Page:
In Bridgerton, the period melodrama from Shondaland streaming on Netflix, art is everywhere, and everyone is talking about it. Set in early 19th-century England, the series focuses on the high-born Bridgerton family as its eldest daughter navigates the complex rituals of the 1813 debutante season. Art, and how the characters engage with it, underscore the racial and sexual politics that drive the show’s narrative.
The show’s novel concept centers on the question of Queen Charlotte’s biracial identity. It imagines that “England’s first Black queen” has integrated British society and that racial equality is an accepted fact of life. Indeed, the interracial romance of the main protagonists, Daphne Bridgerton and Simon, Duke of Hastings, is the least scandalous aspect of their relationship.
The paintings gracing the walls of the Queen’s splendid residences are also diverse. The show’s production designers have created portraits of Black aristocrats to hang alongside well-known paintings of white nobles by artists like Anthony van Dyck and Thomas Gainsborough.
In a striking example, Queen Charlotte sits before a portrait based on Diego Velázquez’s celebrated likeness of Juan de Pareja. It is an illuminating inclusion: Pareja, of mixed race, was an enslaved assistant in the artist’s studio. On-screen, his head and collar have been digitally superimposed on a three-quarter-length figure facing left. The resulting composite image transforms an actual portrait of an enslaved artist into an imaginary one of a Black aristocrat, presumably meant to represent one of the Queen’s ancestors.
English society in Bridgerton assumes racial harmony, however idealistically. Its treatment of women, unfortunately, remains mired in outdated stereotypes. The female characters, when not matronly, are either naïve virgins (the debutantes) or lustful exotics (Siena Rosso, Anthony’s opera-singing mistress, and Madame Delacroix, the alluring dressmaker). Same-sex attraction exists, but only for men, and it must be suppressed, relegated to coy conversations in the all-male social clubs; one notable exception being a glimpse of Henry Granville embracing his male lover, clothes off, at one of the wild parties the artist likes to host at his studio.
Visiting the Royal Academy’s summer exhibition at Somerset House, the bookish Eloise Bridgerton and a confused Penelope Featherington stand before a painting of Venus and her nymphs by the French artist Louis Jean François Lagrenée. Infuriated by the sexism of the debutante ritual, Eloise finds an apt metaphor in Lagrenée’s boneless nudes: “Like all of these paintings, it was done by a man, who sees women as nothing but decorative objects.” (No doubt she would have expressed similar reservations about the Getty’s fine painting of Mars and Venus by the same artist).
In an adjacent gallery, away from the crowd, Daphne and Simon quietly study a landscape in the style of Claude Lorrain, which Simon’s mother had given to the Royal Academy. Simon finds it dull, but for the sensitive Daphne its serene beauty inspires a poetic reverie, transporting her to quiet mornings at her country house. “I am comforted and at peace,” she says. “The others are certainly very grand and impressive, but this one is intimate.” It is at this moment the couple realizes their depth of feeling for one another. Later, Simon succeeds in recovering the painting for his own collection.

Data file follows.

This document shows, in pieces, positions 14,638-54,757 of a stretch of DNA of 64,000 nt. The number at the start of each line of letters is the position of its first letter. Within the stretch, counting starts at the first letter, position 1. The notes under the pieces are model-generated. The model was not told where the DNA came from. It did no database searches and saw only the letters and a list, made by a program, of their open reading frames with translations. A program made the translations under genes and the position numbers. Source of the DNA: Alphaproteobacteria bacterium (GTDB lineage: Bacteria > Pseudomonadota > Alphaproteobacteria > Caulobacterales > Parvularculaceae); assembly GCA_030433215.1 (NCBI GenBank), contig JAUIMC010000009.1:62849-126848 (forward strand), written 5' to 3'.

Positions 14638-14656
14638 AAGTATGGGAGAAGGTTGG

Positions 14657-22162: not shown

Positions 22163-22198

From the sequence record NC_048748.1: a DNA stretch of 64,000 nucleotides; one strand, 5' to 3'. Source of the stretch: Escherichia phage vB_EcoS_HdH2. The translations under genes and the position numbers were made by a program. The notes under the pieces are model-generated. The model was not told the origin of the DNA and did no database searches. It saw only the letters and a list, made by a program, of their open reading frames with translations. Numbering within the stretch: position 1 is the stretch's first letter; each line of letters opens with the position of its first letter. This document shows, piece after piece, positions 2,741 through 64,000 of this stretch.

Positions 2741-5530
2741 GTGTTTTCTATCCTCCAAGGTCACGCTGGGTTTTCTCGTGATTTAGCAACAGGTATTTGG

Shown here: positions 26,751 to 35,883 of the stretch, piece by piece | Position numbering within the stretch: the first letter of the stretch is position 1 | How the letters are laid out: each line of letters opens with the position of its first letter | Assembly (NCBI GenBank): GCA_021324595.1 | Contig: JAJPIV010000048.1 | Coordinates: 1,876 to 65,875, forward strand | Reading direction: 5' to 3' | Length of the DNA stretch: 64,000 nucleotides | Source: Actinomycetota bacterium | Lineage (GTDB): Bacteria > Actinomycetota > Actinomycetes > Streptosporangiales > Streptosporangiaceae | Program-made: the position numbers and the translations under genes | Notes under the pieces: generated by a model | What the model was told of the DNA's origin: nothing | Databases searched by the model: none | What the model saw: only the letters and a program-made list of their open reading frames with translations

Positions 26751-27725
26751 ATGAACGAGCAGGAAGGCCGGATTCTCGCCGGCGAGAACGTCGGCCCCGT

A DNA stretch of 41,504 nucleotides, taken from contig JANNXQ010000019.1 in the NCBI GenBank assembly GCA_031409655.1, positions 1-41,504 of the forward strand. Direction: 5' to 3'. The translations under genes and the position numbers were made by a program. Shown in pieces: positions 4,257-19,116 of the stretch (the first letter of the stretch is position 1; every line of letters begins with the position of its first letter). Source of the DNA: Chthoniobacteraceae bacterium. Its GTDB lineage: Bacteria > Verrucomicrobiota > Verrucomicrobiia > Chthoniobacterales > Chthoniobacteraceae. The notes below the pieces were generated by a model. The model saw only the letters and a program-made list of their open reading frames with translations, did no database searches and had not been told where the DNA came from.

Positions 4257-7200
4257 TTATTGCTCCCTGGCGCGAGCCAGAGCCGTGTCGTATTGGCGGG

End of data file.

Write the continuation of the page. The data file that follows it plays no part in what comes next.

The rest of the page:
Aside from ancestral portraits and this one landscape, Greek and Roman myths form the primary subjects of the paintings in Bridgerton. Daphne (her name, like those of several of the debutantes, derives from classical literature) sleeps between a pair of paintings of Venus and Cupid in the style of François Boucher. Their presence is an ironic commentary on her sexual inexperience.
When Daphne’s brother Benedict visits Granville’s studio for a session of life drawing, he encounters several paintings representing Danaë and Psyche, virginal beauties from ancient myth preyed upon by men. Two of them currently hang at the Getty Museum: Orazio Gentileschi’s Danaë and the Shower of Gold and Hendrick Goltzius’s The Sleeping Danaë Being Prepared to Receive Jupiter.
In the world of Bridgerton, these are Granville’s own creations, “the pieces I do for myself,” different from his public portraits, which Benedict had found “cold and lacking inner life.” Art historians can only blanch at the absurdity of these early 17th-century pictures, one by an Italian, the other by a Dutch artist, being claimed as the work of a painter in Regency England. More plausible is a third canvas, Cupid and Psyche, painted by the French artist Jacques-Louis David in 1817, four years after the show’s timeframe. In any case, none of these pictures was ever in England.
But no matter. Like all the works of art in Bridgerton, their appearance contributes to the drama. As characters from classical mythology, Danaë and Psyche were imagined as precious objects of desire, to be hidden away, manipulated, and, in the case of Danaë, violated by the gods. Here, they are painted stand-ins for the trapped young ladies in Regency high society, forced into desperate maneuvers to attract husbands.
At the same time, these provocative paintings establish Granville’s studio as a place apart, a louche sanctuary liberated from the constraints of aristocratic culture. In this inclusive, art-filled world, members from different social classes chat and smoke, artists (women and men) sketch from nude models (male and female), and uninhibited sexual freedom (hetero and queer) reigns. As Granville says to a seduced Benedict: “There is no expectation or judgment here. You can feel free to be yourself.” Art, in Bridgerton, may reinforce the status quo, but it also can visualize emancipation.